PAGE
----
Executing getIndexes() confirmed that my mongo world was back in it's correct orbit and life, once again, was good.

Why is my mongo query so slow?

Why's my mongodb query so slow? I got my geospatial collection set-up -- I am running some really great queries making sure that the locations I am pulling aren't in any sort of cache, and I am just blown-away by how fast data is being returned.

The problem is:  when I query the collection to pull up the requisite lon/lat data by name:  city & state, or city & country, the query seems to take seconds to complete!

I set-up the table correctly...I indexed the crap out of all my columns...a week or two ago, I was at the mongoSV 2011 in Santa Clara and learned some really cool stuff about queries, indexing, and performance management, so let's dig-out the notes and see where I went wrong.  Because I strongly doubt that the problem is in mongo but, rather as we used to say in technical support: this is a PBCK issue...

The first thing I want to do is run an explain against my query so I can see mongo's query plan for my query.  This should provide me with a starting point for trying to figure out what went wrong.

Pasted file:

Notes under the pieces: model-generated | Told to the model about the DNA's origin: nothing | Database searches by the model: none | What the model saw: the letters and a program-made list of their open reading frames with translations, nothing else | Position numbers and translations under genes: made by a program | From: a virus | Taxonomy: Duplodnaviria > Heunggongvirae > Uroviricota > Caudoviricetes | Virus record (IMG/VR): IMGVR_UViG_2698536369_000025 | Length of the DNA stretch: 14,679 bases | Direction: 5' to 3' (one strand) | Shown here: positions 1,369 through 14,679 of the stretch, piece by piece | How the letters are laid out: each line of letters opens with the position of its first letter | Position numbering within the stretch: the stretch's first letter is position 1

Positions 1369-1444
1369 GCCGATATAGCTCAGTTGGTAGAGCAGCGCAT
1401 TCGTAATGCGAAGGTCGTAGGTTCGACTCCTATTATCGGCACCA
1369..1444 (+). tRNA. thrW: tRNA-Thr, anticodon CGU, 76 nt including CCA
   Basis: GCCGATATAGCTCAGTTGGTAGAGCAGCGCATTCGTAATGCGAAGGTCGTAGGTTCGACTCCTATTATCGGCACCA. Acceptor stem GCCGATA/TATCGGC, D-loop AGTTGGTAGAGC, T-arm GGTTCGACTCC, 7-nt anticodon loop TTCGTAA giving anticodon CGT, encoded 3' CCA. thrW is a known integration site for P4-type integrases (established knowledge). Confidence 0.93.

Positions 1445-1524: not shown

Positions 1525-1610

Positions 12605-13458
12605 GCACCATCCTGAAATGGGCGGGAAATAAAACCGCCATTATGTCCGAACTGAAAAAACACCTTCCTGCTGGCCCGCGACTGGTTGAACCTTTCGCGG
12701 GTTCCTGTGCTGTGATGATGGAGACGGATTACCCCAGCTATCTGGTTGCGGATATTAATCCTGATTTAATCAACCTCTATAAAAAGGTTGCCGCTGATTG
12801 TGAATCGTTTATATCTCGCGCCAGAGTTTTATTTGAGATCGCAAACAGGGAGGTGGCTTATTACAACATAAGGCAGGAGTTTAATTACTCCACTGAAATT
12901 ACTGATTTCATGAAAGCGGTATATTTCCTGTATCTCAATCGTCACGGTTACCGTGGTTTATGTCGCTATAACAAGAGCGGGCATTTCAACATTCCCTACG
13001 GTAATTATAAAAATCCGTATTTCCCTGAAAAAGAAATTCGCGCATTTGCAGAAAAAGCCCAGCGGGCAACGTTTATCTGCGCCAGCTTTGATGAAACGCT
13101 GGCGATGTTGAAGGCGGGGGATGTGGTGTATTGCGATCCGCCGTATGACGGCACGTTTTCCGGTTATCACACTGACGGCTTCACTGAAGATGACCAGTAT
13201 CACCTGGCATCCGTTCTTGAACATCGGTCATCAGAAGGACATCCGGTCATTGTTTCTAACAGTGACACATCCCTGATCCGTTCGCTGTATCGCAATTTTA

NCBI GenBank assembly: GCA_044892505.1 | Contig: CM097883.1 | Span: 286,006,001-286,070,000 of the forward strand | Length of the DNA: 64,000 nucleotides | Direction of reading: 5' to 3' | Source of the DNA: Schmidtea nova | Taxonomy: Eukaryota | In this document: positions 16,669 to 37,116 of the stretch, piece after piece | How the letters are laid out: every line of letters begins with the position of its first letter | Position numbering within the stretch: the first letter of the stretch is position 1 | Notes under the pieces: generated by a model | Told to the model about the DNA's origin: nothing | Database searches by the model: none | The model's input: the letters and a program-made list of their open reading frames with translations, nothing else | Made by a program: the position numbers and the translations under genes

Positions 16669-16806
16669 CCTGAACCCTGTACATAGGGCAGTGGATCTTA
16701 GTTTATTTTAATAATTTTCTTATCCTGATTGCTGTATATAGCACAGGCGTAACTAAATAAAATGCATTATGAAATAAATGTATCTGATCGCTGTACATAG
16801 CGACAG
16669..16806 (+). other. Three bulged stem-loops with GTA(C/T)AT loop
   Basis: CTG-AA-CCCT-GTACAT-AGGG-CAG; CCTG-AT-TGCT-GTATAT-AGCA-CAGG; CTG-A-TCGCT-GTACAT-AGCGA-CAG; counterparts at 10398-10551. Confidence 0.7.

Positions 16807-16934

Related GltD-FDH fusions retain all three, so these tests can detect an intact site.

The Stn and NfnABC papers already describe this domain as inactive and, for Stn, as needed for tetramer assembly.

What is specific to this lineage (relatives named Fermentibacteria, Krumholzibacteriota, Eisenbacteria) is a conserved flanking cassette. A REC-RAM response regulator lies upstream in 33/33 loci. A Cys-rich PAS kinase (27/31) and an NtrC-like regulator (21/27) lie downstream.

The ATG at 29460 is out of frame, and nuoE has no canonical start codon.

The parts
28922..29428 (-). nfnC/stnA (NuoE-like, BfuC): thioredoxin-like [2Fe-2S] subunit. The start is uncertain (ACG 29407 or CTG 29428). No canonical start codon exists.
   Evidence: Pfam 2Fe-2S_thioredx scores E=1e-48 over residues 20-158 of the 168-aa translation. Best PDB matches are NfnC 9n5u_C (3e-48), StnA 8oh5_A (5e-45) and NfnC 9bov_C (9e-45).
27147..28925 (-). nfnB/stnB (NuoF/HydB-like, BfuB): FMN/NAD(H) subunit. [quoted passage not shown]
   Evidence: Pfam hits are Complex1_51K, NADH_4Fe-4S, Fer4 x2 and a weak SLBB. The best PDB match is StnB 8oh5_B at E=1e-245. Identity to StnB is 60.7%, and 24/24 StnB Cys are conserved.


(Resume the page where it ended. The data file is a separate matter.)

> db.geodata_geo.find({ cityName : "Anniston", stateName : "Alabama" }).explain();

By adding the trailing function: .explain(), I'm requesting that mongoDB return the query-plan to me instead of executing the query.  I hit enter to launch the explain() and get back the following output:

> db.geodata_geo.find({ cityName : "Anniston", stateName : "Alabama"}).explain(); { "cursor" : "BasicCursor", "nscanned" : 3691723, "nscannedObjects" : 3691723, "n" : 1, "millis" : 2269, "nYields" : 0, "nChunkSkips" : 0, "isMultiKey" : false, "indexOnly" : false, "indexBounds" : {

} }

The important information, I bold-faced in the query output (above).   What this output is telling me is that I've using a "BasicCursor" for my search cursor -- which is indicates that, yes, I am doing a table-scan on the collection.  So, already I know my query is not optimal.  But, wait!  More good news...

The value for nscanned and nscannedObjects is the same: 3,691,723 -- which coincidently is the same as the cardinality of the collection.  This number is the number of documents scanned to satisfy the query which, given it's value, confirms that I am doing a full table scan.

millis tells me the number of milliseconds that the query would take:  2.269 seconds:  way too slow for my back-end methods() serving a REST API -- unacceptable.

And then we get to the tell:  IndexOnly tells me that if the query could have been resolved by an (existing) covering index.  Seeing the value false here tells me that the collection has no index on the columns I am scanning against.

What?!?  I know I indexed this collection...